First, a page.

About This Company
- The Rurchemie plant in Oberhausen celebrates its 75th
anniversary on October 28th, while the Pampa, Texas site
celebrates its 50th anniversary.
October 25, 1999
- Celanese AG becomes a publicly traded German stock
corporation listed on the New York and Frankfurt stock
October 22, 1999
- Celanese AG is entered into the German Commercial
July 16, 1999
- At an Extraordinary General Meeting of Hoechst AG, the
overwhelming majority of shareholders agrees to spin off
Celanese AG into an independent company. The so-called
demerger is part of Hoechst's strategy of focusing on its
life science businesses.
- At its autumn press conference, Hoechst announces plans to
demerge most of its chemical activities to the new Celanese
AG because it is the most direct, quickest and simplest way
to speed up the transformation of the Group. On December 1,
Hoechst and Rhône-Poulenc S.A. announce their plans to merge
their life science businesses into the new company Aventis
S.A., based in Strasbourg.
- As a result of the strategic realignment of Hoechst AG,
the various businesses are transferred to independent
companies. The global basic chemical, cellulose acetate,
phosphorous and chlorine businesses become part of Celanese.
The independent company Ticona - market leader in the field
of polyacetals - runs the technical polymers business.
In May, the Annual General Meeting approves the realignment
of the Group. On July 1, Hoechst AG becomes a Strategic
Management Holding company and no longer does any operating
- "Transition '94": the beginning of the realignment of the
Group and the introduction of a new organizational
- Hoechst AG acquires Celanese Corporation for $2.85
billion. After the approval of the friendly takeover by the
U.S. cartel authorities on February 20, 1987, Celanese and
American Hoechst Corporation join forces to form Hoechst
Celanese Corporation in the U.S. Celanese strengthens
Hoechst's fiber, organic chemical and specialty chemical
- Hoechst takes over the polyester film business of Celanese
in Greer, North Carolina.
- Celanese Corporation of America and Hoechst AG set up the
Ticona Polymerwerke joint venture in Kelsterbach, Germany.
The production of the polyacetate Hostaform, a
high-performance plastic for technical applications, begins
- Camille Dreyfus dies. He was one of the founders of
Celanese and was President of Celanese Corporation of
America for 27 years. After the death of his brother and
co-founder Henri in 1945, Camille Dreyfus was also Managing
Director of British Celanese.
- In the U.S., Celanese establishes production plants in the
Texan cities of Bishop in 1945, Corpus Christi in 1946 and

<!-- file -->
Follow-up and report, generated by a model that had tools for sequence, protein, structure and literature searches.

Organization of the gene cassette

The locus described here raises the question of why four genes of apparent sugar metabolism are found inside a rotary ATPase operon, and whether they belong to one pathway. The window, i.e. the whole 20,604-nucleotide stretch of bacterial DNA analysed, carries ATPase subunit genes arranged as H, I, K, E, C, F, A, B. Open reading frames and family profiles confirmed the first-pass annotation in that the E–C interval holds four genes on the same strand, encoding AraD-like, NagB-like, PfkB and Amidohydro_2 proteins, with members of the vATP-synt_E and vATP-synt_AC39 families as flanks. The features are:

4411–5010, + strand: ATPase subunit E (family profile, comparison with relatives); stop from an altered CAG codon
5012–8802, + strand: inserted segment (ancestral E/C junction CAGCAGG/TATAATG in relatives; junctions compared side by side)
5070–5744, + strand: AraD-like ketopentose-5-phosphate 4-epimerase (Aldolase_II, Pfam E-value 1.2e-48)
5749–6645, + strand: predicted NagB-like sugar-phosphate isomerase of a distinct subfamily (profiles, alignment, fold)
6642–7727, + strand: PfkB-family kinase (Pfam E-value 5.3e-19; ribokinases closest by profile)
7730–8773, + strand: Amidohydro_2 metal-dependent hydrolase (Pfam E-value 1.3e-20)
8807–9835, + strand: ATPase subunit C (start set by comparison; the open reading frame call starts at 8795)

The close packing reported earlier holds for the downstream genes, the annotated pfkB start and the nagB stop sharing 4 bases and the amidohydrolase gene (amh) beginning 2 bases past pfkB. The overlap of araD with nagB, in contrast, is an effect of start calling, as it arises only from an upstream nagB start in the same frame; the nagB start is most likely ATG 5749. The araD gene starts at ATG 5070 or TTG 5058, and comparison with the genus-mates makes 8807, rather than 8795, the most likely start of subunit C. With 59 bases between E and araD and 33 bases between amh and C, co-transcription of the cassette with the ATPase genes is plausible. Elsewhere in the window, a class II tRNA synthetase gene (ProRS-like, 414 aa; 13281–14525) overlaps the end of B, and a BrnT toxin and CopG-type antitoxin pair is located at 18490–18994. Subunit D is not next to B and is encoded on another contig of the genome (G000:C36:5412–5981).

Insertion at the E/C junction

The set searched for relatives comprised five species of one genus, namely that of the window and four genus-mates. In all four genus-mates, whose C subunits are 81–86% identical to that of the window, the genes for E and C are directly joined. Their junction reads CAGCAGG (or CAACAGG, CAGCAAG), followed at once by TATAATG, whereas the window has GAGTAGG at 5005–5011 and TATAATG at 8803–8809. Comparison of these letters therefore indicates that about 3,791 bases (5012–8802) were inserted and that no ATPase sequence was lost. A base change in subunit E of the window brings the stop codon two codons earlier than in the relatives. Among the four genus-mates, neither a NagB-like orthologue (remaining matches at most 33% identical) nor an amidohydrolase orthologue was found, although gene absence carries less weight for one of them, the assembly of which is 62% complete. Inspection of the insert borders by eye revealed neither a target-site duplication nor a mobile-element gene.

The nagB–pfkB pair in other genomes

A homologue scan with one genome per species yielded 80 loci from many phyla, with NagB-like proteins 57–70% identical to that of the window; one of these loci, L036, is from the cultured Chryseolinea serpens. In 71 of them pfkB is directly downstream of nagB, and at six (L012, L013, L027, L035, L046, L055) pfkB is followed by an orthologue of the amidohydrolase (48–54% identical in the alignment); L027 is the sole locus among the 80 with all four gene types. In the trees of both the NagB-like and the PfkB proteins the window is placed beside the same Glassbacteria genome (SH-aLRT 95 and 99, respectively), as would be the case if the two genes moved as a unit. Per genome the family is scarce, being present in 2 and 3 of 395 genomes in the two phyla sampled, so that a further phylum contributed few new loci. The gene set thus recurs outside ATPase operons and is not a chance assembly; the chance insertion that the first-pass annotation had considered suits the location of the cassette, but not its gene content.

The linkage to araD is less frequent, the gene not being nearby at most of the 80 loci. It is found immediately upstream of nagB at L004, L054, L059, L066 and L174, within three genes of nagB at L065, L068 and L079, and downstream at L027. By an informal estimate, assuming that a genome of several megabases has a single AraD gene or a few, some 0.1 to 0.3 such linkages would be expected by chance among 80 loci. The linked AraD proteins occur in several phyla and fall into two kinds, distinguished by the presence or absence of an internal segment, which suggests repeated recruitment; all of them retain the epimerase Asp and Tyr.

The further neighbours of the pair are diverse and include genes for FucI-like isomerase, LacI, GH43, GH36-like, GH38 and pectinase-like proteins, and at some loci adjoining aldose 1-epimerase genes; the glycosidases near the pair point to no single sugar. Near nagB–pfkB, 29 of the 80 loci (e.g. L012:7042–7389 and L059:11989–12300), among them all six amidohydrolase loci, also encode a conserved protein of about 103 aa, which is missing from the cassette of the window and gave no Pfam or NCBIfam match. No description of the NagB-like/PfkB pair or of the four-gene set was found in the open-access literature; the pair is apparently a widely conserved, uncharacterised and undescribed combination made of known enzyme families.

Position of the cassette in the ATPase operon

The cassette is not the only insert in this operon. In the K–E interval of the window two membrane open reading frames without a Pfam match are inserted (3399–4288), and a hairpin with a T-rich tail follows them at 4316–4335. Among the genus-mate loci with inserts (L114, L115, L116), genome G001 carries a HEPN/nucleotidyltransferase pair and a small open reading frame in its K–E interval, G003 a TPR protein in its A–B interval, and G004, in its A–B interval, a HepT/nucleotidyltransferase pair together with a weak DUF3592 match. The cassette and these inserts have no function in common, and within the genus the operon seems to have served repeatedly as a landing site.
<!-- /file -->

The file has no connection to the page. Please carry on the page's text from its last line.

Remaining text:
Pampa in 1952 for the production of acetaldehyde,
formaldehyde, methanol, and acetone. But Celanese fibers
remain the company's most important product line. The use of
acetate tow in cigarette filters opens up a new business
- The Dreyfus brothers' U.S.
subsidiary changes its name from Amcelle to "Celanese
Corporation of America". The company, which produces fibers,
plastics and chemicals, becomes one of the largest chemicals
manufacturers in the country. In 1926, Celanese Canada is
founded. From 1927 onwards, artificial silk is produced at
the Canadian factory in Drummondville.
- British Celanese begins commercial production of acetate
yarn, taking advantage of a number of its new inventions,
ranging from the technique used to spin thread to the
treatment of dyed fibres. This change in direction ensures
the company's survival.
- The company gets into difficulties when all its paint
contracts are cancelled after the First World War. The
Dreyfus brothers concentrate on the production of acetate
fibers. "British Celanese & Chemical Manufacturing Co."
changes its name to "British Celanese Limited".
- Under the guidance of Camille Dreyfus, "The American
Cellulose & Chemical Manufacturing Company", known as "Amcelle"
for short, is founded in New York with a production facility
in Cumberland, Maryland.
- The British Government invites the Dreyfus brothers to
Britain to produce their new airplane paint along with the
intermediate product acetic acid which was being imported
from Canada at the time due to the First World War. The
British Government patented the process developed by Henri
Dreyfus which lowered the costs of acetic acid anhydride
production. "British Celanese & Chemical Manufacturing Co."
is set up. Henri Dreyfus manages the company with its
workforce of 14,000.
- The company "Cellonit" is established. Cellonit
contributes greatly to the development of new film materials
and finds a sponsor in the Parisian film industrialist Pathe.
The product line is diversified to include paints for German
airplanes and Zeppelins.
- Henri Dreyfus, who was working for Hoffmann La Roche at
the time, asks the entrepreneur Alexander Clavel-Respinger
for financial support and assistance in the production of
fireproof celluloid out of cellulose acetate. On December
28, 1912, Clavel and the two Dreyfus brothers set up "Cellonit
Gesellschaft Dreyfus & Co." in Basle.
- "Farbwerke vorm. Meister Lucius
& Brüning", the predecessor of Hoechst AG, modernizes its
legal structure by becoming a joint stock company and lists
its shares on the Frankfurt stock exchange in 1888.
- Carl Friedrich Wilhelm Meister, Eugen N. Lucius und Ludwig
August Müller set up a production facility in Höchst am Main
to manufacture coal tar dyes. The chemist Adolf Brüning, who
became a co-partner in 1865, five workers and a clerk formed
the company's first workforce. Hoechst's first product was
fuchsine, a purple-red dye, earning the young company the
nickname of the "Red Factory" among its neighbors. Based on
hard coal products, a wide range of dyes were developed and
sold throughout the world.